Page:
The first match of this group was between Gail Kim and Brooke. They had a pretty effective and devastating technical match, which made the introduction of women wrestlers in the World Title Series very much plausible. Kim did look a little tired after her Bound for Glory Knockout Championship match, which made the upset win by Brooke quite convincing.

The match between Awesome Kong and Madison Rayne is the second qualifying match for this group. Rayne was the plucky underdog of the match (and the entire group as well), and was given a brief moment or two against her bigger opponent. But Kong is as awesome as ever. I am always impressed at how insanely fast and agile Kong is, despite her build (which makes me glad she’s not in WWE; with her non-model like looks and "unfeminine" demeanor, I’m sure Vince won’t know how to use her properly). No surprise that Kong won the match. I’m predicting that she will be the eventual winner for this group.

Group Champions

Of all the groups that has been introduced so far, this one is the hardest to predict, as each one of the four has the potential to be in the tournament. If the Grado vs Rockstar Spud is the most fun match of the card, the two matches for this group are the most exciting in the entire show.

The group’s first match is between Ethan Carter III and (surprise, surprise) Austin Aries. Josh Matthews took the initiative and predicted (I think correctly) how “net nerds” (aka smarks) will gripe and moan about why Aries is here, when he said his goodbyes when he lost the name-versus-career match against Rockstar Spud a few months ago. Apparently, we should just take it as it is: that Aries saw an opportunity to grab the title and he took it, and it didn’t matter if he wasn’t employed by TNA at the time. Knowing smarks, asa pa (you wish).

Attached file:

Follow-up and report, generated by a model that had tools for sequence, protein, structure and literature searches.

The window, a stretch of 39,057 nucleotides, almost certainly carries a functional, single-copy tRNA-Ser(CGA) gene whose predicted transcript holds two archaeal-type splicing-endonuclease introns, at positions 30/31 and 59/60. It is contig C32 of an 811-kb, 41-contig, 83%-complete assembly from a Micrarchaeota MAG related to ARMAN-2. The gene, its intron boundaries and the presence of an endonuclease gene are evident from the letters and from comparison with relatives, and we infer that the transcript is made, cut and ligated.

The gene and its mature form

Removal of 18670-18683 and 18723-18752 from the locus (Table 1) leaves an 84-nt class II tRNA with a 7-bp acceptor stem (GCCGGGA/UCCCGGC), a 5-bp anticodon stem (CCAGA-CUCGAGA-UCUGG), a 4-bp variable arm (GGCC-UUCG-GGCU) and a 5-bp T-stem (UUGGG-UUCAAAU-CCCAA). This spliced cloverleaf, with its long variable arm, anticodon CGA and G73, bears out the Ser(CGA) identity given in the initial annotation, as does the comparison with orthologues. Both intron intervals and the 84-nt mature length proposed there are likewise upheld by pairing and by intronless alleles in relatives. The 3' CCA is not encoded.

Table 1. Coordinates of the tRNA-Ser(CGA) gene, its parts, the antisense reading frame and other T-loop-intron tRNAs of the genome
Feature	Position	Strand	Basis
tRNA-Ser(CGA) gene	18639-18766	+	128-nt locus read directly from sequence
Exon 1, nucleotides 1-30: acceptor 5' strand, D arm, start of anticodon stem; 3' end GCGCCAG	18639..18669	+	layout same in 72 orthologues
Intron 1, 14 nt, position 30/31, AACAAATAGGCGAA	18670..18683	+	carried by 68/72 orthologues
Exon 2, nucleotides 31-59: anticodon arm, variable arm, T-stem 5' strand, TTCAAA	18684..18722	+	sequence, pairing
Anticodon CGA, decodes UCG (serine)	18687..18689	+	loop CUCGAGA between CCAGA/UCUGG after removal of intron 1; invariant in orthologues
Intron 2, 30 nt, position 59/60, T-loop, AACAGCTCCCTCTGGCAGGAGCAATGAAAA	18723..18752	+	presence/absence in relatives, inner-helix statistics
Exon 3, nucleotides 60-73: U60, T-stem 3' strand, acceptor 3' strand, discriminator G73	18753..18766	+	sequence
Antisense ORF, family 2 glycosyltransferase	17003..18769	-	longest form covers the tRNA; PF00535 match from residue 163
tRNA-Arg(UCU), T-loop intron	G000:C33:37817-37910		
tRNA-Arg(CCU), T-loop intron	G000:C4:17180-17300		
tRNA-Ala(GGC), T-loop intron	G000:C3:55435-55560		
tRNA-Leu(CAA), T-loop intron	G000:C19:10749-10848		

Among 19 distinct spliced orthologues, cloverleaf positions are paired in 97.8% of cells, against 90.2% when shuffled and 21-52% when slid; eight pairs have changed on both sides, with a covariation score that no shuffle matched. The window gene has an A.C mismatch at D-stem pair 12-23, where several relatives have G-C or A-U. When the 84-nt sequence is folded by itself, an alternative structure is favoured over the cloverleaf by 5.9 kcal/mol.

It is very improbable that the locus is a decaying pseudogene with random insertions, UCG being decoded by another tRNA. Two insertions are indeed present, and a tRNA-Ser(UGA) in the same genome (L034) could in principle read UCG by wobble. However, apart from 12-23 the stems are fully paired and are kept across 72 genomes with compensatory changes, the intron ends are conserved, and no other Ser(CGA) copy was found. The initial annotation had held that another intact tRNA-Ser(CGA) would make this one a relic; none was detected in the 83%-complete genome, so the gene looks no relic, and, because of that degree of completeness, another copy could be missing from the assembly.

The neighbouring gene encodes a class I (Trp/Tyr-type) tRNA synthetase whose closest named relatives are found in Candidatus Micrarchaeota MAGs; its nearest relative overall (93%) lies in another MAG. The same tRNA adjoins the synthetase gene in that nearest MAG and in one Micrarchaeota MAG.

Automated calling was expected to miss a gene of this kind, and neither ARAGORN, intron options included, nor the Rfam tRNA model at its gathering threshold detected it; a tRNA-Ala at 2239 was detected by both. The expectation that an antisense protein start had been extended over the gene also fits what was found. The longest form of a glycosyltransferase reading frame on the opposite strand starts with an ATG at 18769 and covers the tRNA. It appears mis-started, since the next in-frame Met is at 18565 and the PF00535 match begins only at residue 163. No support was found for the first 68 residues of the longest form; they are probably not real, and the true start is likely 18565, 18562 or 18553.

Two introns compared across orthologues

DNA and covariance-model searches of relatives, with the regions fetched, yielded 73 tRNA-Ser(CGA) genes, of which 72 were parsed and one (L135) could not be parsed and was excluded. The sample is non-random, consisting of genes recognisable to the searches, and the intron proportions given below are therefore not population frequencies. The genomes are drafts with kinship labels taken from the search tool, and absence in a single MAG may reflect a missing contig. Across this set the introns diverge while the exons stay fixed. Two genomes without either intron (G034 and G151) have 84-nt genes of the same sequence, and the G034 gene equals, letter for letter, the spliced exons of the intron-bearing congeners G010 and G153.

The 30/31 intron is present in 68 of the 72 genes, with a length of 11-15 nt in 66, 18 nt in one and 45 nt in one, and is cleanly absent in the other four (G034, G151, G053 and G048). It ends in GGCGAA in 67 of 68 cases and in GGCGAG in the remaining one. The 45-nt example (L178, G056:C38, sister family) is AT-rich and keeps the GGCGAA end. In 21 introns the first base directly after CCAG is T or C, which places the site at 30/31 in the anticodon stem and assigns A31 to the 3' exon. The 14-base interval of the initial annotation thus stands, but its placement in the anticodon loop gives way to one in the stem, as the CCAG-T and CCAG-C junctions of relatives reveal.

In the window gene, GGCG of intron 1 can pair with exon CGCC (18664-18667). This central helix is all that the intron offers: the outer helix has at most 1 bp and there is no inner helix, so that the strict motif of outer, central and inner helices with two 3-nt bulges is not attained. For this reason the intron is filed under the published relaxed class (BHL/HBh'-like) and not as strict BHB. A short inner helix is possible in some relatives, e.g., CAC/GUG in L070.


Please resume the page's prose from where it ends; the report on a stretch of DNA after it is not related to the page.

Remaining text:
Anyway, the match is as great as imagined it would be. Despite the multiple awesome spots in this match, the best spot of the night was easily Austin Aries’ perfect 450 splash. In the end, the 15-minute limit was not enough for the two men to get a pin. The match ended with a disappointing draw, each getting just one point each.

The second match for the group was more decisive. The fight between Bobby Lashley and Ken Anderson is a pure powerhouse match: strength, aggression, and utter ruthlessness. Mr. Anderson targeted Lashley’s arm, with multiple armbars. In the end it was no use against Lashley’s humongous spear, which got him the win at the verge of the 15-minute time limit.

All in all, this was a very good start to the TNA World Title Series. Despite the weird way this had started (I will tackle Matt Hardy and how he vacated the TNA Heavyweight Championship next week when it’s his turn to show up in the qualifying rounds), the big renovations in the Impact Wrestling format and the TNA World Title Series had given the show a breath of fresh air. I now wonder how the other teams will fare in the next weeks.

Did you see this week's Impact Wrestling? What did you think of the episode? What do you think about the new format of Impact Wrestling? How about the TNA World Title Series? Which wrestlers do you think will be in the final four? Let us know in the comments!

Photos taken from


Marie Ricana (@cris_ricana) is an IT specialist and a network/system administrator. While an engineer by profession, she dreams of becoming the next Roland Barthes or The Masked Man. One of these days, she’ll publish the most insightful book on pro wrestling in the Philippines. But for now, she is mostly writing reviews of TNA Impact Wrestling for Smark Henry.